Social media has proven an effective tool when it comes to organizing for advocates and activists. But it's also been proven effective at spreading misinformation, which now includes false warnings about immigration stings.
It's not surprising people are willing to share posts that claim insider info regarding immigration raids. President Donald Trump ran a campaign based largely on deportation of undocumented immigrants and bulking up border security between the U.S. and Mexico. Last week Immigration and Customs Enforcement, or ICE, arrested some 680 people in raids across the U.S. NPR reports, "(ICE officials) have said the agency routinely does these enforcement surges, but immigration advocates say the Trump administration is casting a much wider net than President Obama did." Read more on that here & here.
Since Tuesday an anonymous "copy/paste" type of Facebook message urging undocumented immigrants to be wary in parts of Chicago has been widely shared, it reads some variance of:
From a friend 2/14/17:
"One of my regulars has a contact inside ICE and just told me there are mass raids planned for Chicago this week. Round-up quota is 20k people. They're mostly targeting schools, churches, etc. One of the neighborhoods on the list was Pilsen." Also: "Homeland Security is checking IDs on the red line for Hispanic or Middle Eastern appearance, heads up everyone."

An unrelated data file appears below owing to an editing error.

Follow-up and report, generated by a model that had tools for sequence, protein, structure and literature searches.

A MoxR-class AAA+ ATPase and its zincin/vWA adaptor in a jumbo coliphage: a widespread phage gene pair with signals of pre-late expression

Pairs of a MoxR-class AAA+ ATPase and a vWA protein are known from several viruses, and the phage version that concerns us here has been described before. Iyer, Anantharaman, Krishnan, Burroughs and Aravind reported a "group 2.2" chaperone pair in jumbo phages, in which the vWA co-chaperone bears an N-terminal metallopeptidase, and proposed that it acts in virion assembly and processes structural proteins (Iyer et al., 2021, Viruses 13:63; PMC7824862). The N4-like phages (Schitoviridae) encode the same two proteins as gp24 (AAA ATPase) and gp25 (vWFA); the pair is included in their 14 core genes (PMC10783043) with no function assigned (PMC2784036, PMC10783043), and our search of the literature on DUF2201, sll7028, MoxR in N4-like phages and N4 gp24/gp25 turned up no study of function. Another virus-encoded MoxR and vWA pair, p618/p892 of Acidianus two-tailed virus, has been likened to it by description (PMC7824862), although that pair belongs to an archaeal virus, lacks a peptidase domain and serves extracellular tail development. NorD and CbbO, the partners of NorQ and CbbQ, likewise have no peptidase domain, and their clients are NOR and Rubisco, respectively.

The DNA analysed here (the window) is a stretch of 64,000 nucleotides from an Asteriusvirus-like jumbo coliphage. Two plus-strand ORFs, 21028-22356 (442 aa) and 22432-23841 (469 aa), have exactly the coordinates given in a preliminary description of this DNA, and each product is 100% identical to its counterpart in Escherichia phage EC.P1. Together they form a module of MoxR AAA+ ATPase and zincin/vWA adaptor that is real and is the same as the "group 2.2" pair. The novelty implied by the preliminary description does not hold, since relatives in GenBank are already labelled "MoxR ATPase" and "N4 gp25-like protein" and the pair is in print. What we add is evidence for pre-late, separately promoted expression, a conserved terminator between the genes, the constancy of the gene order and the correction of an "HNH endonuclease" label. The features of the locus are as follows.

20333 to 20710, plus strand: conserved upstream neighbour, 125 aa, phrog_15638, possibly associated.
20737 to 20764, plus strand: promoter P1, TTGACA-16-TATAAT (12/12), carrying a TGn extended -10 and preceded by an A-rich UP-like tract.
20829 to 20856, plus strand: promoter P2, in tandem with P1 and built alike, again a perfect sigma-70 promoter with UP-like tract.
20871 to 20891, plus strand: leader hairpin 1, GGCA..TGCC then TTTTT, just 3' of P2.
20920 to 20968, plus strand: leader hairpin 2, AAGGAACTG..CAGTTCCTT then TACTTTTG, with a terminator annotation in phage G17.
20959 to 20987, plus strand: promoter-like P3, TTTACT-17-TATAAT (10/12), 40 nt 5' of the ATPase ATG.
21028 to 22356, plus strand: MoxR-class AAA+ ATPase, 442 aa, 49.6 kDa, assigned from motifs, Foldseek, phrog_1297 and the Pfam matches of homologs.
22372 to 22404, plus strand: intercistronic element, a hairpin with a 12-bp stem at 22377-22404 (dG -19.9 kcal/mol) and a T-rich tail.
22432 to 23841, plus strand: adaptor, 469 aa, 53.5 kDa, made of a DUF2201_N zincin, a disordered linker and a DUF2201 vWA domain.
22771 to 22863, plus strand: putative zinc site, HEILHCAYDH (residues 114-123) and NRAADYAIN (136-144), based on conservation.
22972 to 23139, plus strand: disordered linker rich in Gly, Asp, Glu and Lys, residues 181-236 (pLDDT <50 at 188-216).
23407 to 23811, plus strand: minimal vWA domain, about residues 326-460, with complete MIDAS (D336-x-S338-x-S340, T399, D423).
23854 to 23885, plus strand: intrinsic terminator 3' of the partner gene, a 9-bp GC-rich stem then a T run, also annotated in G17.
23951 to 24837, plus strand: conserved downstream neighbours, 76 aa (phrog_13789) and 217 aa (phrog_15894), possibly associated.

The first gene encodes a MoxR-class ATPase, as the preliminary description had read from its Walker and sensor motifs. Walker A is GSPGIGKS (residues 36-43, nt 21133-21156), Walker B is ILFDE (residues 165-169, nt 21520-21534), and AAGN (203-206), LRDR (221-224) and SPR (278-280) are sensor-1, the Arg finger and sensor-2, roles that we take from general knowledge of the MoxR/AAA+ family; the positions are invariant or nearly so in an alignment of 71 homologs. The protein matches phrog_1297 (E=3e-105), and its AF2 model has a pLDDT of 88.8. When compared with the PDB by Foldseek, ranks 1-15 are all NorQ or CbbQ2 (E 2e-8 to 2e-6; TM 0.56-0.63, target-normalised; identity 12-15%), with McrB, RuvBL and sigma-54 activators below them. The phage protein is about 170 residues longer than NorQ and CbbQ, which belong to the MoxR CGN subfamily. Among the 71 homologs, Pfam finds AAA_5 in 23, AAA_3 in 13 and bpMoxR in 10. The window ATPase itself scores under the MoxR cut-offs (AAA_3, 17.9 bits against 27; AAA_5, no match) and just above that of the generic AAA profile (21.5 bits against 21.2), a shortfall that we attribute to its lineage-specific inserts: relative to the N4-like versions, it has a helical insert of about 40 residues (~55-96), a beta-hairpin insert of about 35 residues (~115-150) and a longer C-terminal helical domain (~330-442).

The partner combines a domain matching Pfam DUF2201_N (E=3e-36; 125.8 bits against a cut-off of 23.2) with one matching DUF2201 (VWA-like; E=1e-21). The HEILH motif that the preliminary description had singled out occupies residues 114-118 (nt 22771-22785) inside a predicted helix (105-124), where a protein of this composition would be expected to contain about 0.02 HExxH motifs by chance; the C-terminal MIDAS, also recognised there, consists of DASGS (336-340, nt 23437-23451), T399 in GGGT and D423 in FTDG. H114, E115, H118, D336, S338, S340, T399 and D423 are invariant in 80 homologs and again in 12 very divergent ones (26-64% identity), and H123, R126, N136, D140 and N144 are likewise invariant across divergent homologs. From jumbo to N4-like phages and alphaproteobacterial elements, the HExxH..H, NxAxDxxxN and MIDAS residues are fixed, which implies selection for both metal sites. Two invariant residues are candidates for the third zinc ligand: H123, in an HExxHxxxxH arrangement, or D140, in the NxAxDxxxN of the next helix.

Please copy/paste without attribution.
It’s possible the message was started in part when some commuters were apparently met by a Department of Homeland Security checkpoint at a CTA stop on the north side of the city. (More on that here.) However the claim of a quota to round-up more than 20,000 people in Chicago is harder to pin down. Meanwhile, the city has passed policies to designate it a "sanctuary" for undocumented immigrants.
While advocates are on high alert, many still suggest using discernment when sharing information about the raids taking place across the country. The Illinois Coalition for Immigrant and Refugee Rights tells me it agrees with guidelines recently put out by DRUM, a "South Asian Organizing Center" in New York City. The writing warns that unverified reporting of raids spreads “fear and paranoia in targeted communities, without offering any actual safety: People stop going to work, sending their children to school, or leaving their homes.” The Illinois Coalition for Immigrant and Refugee Rights says over half a million undocumented residents live in the state.
According to a statement from ICE, regarding the “targeted enforcement operations” that started last week: “These operations targeted public safety threats, such as convicted criminal aliens and gang members, as well as individuals who have violated our nation’s immigration laws, including those who illegally re-entered the country after being removed and immigration fugitives ordered removed by federal immigration judges.”